ANSER | Pentagon Corridor Vietnam War Exhibit
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Pentagon Corridor Vietnam War Exhibit

Client: Department of Defense

In the National Defense Authorization Act 2008, under Public Law 110-181, Congress authorized the Secretary of Defense to commemorate the 50th anniversary of the Vietnam War.   The public law lists five congressional objectives, but the primary mission of The United States of America Vietnam War Commemoration is to thank and honor Vietnam veterans, including personnel who were held as prisoners of war or listed as missing in action, for their service and sacrifice on behalf of the United States, and to thank and honor the families of these veterans.

The Vietnam War Commemoration’s History and Legacy Branch supports this mission by providing the American public with a clearer understanding and appreciation of the service and sacrifice of our Vietnam veterans. As such, the History and Legacy Branch creates educational and historical products that are accessible not only to Vietnam veterans and their families, but also to the general public.  On December 20, 2016, the Secretary of Defense hosted an event at the Pentagon to celebrate the official opening of The Vietnam War Exhibit, the largest and most ambitious project developed by the History and Legacy team.  The exhibit, approximately the length of one corridor, is now a permanent fixture in the Pentagon.  It is also the first large-scale exhibit in the Pentagon dedicated solely to the Vietnam War.  It boasts a timeline that spans from 1945 to 1975, thematic panels that correspond to the timeline, archival photographs and film footage, and historical artifacts.   At the center of the exhibit is a tribute to the United States’ five allies, as well as two authentic Vietnam-era Huey helicopter cabs that are integrated into wall-size mural backdrops of landscapes in Vietnam.  As part of the official tour, the exhibit will be seen by more than 100,000 people who visit the Pentagon each year, as well as the estimated 23,000 employees who work in the Pentagon.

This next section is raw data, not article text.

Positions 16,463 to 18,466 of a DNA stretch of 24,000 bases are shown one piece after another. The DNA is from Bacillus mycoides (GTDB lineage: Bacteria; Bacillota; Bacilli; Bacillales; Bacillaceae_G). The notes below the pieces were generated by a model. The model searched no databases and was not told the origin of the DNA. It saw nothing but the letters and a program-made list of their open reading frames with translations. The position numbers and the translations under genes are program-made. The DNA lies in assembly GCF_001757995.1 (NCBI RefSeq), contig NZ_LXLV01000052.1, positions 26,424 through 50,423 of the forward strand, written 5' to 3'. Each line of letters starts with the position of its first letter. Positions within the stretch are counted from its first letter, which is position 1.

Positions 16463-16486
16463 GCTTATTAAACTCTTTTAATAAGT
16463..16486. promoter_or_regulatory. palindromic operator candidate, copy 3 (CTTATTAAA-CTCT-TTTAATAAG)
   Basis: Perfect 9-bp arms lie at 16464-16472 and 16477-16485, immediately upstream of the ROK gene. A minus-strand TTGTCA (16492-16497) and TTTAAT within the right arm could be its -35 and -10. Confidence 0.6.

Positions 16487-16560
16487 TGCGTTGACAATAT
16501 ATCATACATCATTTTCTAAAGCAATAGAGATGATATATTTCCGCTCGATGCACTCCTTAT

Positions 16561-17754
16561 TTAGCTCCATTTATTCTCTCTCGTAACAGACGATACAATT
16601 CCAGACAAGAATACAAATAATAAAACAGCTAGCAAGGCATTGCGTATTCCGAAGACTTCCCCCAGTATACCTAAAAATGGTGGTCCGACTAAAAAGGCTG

For three years, many talented people worked on this exhibit. ANSER employees were an integral part of a dedicated team responsible for writing and editing content, researching and selecting artifacts, photographs, and film footage for the entire exhibit, as well as providing input on the artistic design.  The team faced numerous challenges along the way, including last-minute changes such as:

  • Revising thematic panel entries,
  • Selecting new murals,
  • Researching and acquiring new timeline photos,
  • Replacing artifacts,
  • Amending license agreements for film footage, and
  • Working with the Office of the Secretary of Defense Graphics and Presentations Division to tackle technical difficulties.

The collaborative effort, led by The Vietnam War Commemoration’s History and Legacy Branch Chief and team historians, resulted in the Society for History in the Federal Government selecting the exhibit as one of two projects to receive the 2017 John Wesley Powell Prize for outstanding achievement in the field of historic exhibits and interpretive products.